I hope that this discussion does not get sidetracked by a discussion of the issue of faith. My point, which I’d hoped to make, is that even though I personally am not religious, I find people who are moved by faith to such good works to be admirable. Let’s focus on the good works and allow each of us to be motivated to undertake them in our own way.

indigo

November 27th, 2012
9:11 am

bootney

Blind faith caused George W. Bush to invade Iraq based on Biblical prophecy concerning Gog and Magog destroying Israel. The resulting loss in blood and treasure should cause even a blind faith person like you to cringe.

jarvis

November 27th, 2012
9:12 am

@bootney, with all of the good that is described in this story, the first two commenters said a lot about their outlook on life in general with the tone of their posts.

Misery loves company, and at least they’ve found each other.

bootney farnsworth

November 27th, 2012
9:16 am

@ jarvis

indeed. kinda sad, isn’t it?

jarvis

November 27th, 2012
9:16 am

I’m originally from Savannah, and if this lady is making a difference at Johnson, it should give hope to the rest of our educational system.

bootney farnsworth

November 27th, 2012
9:20 am

for all the faux fuss about people of faith….

how many hospitals does the democratic party run?
when’s the last time anyone has seen atheists under a banner giving healthcare to the poor?
can’t remember the last time I went to the grocery store and saw the communist party collecting money for the poor at Christmas.

and it IS Christmas, so deal with it.

bootney farnsworth

November 27th, 2012
9:21 am

what’s really a pity is how closed minded some people are that they ignore the good being done to focus and denigrate their motivation

bootney farnsworth

November 27th, 2012
9:22 am

@ jarvis

if the Savannah system is how I remember it, it requires an act of faith to want to teach there.

Raisin Toast Fanatic

November 27th, 2012
9:25 am

If you life of faith is based on totally illogical and convoluted thinking, this will affect every other thing you believe in.

Attempts to downplay the teacher’s credentials and personal beliefs like this only serve to illustrate your illogical & false statements.

There are MULTIPLE real-life examples of those who have personal beliefs yet who are impartial with respect to their profession or etc.

I hardly think some anonymous internet poster with an “axe to grind” is the right one to judge a well-educated instructor with demonstrated quality in teaching.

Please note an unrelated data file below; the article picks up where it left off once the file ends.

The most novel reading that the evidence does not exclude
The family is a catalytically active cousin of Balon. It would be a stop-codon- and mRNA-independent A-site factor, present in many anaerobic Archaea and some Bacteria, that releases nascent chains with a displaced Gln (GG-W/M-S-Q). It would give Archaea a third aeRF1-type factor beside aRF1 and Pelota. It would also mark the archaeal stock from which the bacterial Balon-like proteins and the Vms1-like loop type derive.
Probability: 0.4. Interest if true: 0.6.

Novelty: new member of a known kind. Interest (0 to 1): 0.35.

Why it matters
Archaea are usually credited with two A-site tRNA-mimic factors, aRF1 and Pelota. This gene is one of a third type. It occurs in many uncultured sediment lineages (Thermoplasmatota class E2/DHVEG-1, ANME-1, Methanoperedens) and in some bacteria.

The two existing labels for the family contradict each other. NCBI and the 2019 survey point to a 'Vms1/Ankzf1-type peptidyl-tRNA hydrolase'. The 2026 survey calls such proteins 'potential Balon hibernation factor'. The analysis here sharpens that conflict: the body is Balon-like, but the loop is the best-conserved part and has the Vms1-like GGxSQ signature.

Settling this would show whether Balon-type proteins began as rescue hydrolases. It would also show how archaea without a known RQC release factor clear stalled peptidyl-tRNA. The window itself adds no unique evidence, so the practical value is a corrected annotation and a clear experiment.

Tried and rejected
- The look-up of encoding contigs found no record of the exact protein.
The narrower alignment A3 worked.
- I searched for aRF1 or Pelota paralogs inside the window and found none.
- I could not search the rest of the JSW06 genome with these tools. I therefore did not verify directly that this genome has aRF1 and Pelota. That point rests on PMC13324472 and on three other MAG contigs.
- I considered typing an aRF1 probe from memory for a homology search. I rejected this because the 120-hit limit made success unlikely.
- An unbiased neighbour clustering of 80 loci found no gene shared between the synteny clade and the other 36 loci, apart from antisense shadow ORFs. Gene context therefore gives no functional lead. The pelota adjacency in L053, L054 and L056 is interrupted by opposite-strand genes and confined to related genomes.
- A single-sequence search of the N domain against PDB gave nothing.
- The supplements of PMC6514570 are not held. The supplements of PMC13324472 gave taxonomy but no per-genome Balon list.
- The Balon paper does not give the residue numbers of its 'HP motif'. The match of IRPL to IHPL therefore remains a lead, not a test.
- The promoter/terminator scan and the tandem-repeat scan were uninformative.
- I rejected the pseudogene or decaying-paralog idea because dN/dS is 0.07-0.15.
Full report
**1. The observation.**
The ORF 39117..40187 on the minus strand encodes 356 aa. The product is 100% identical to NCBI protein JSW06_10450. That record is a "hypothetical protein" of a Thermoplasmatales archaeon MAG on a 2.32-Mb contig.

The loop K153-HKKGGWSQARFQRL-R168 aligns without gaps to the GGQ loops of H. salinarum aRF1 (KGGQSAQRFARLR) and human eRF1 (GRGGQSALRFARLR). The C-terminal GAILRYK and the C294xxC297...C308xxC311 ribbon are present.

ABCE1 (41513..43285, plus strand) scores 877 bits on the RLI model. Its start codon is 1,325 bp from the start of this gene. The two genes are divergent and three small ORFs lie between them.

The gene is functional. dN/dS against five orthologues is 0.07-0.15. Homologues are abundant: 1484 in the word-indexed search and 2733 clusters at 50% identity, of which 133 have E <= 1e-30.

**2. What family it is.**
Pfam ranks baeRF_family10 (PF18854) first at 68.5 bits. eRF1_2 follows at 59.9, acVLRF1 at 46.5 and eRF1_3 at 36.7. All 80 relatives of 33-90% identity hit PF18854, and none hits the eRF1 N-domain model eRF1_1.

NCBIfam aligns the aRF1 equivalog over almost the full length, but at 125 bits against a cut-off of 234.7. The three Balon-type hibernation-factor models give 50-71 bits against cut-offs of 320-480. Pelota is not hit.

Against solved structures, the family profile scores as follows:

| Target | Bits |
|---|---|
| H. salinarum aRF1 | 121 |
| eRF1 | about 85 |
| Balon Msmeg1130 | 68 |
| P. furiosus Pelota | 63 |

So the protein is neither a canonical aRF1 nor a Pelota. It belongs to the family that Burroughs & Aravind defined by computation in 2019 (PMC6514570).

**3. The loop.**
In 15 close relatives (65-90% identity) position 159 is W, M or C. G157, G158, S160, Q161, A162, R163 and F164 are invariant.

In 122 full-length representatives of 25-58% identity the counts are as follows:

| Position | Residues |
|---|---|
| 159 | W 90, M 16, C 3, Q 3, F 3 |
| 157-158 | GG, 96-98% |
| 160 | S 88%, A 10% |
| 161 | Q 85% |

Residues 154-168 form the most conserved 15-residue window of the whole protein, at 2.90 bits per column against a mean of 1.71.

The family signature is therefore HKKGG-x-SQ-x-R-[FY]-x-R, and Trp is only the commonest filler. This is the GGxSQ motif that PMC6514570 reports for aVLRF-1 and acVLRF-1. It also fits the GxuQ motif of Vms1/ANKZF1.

I feel sorry for you. What kind of life do you have that makes you so miserable you have to attempt to cut others down? Very sad, indeed.

dc

November 27th, 2012
9:26 am

good stuff, thanks for sharing. Great teachers truly make a difference.

Pride and Joy

November 27th, 2012
9:38 am

jarvis, my “tone” in my post was a positive one. I said “bravo!” to their motto, which is a good one.
YOu’ve completely misinterpreted my positive post, which says a great deal about YOU.
Sheesh.
Why is it that you cannot see the good in it?

indigo

November 27th, 2012
9:56 am

Raisn

Did you read my 9:11?

indigo

November 27th, 2012
10:00 am

bootney

http://www.squidoo.com/Atheist-Charities

How many hospitals does the Republican party run?

The last time I went to the grocery store, I did not see the Republican party collecting money for the poor.

Prof

November 27th, 2012
10:49 am

Ms. Bettina Polite Sharp sounds like a remarkable teacher in a difficult school situation with students who badly need educators with faith in their abilities. She went to a local HBCU, Savannah State, and evidently is carrying forward the characteristic “mission” concept of education of HBCUs to strengthen the self-identity of her students as well as their intellectual knowledge. It is a joy to read about her, and I wish that y’all would quit your squabbling about her general faith. It’s just plain irrelevant.

Pride and Joy

November 27th, 2012
10:50 am

I don’t give a hoot about any teacher’s religion as long as they don’t pass on their beliefs to my child. That’s my job.
However, if Bennita’s beliefs gave her a calling to teach and she teaches well, then I say more power to her higher power!

Pride and Joy

November 27th, 2012
11:17 am

I enjoy and relish hearing about good teachers. What would be a good follow-through to this story, Get Schooled, is to hear from the students. As a parent, I want to know why students think this teacher is good. I want to know what, specifically, she does that makes her a model teacher.
I want to know so that I can be supportive from home and so that other teachers can learn what she is doing right so they can emulate her success.

Peter Smagorinsky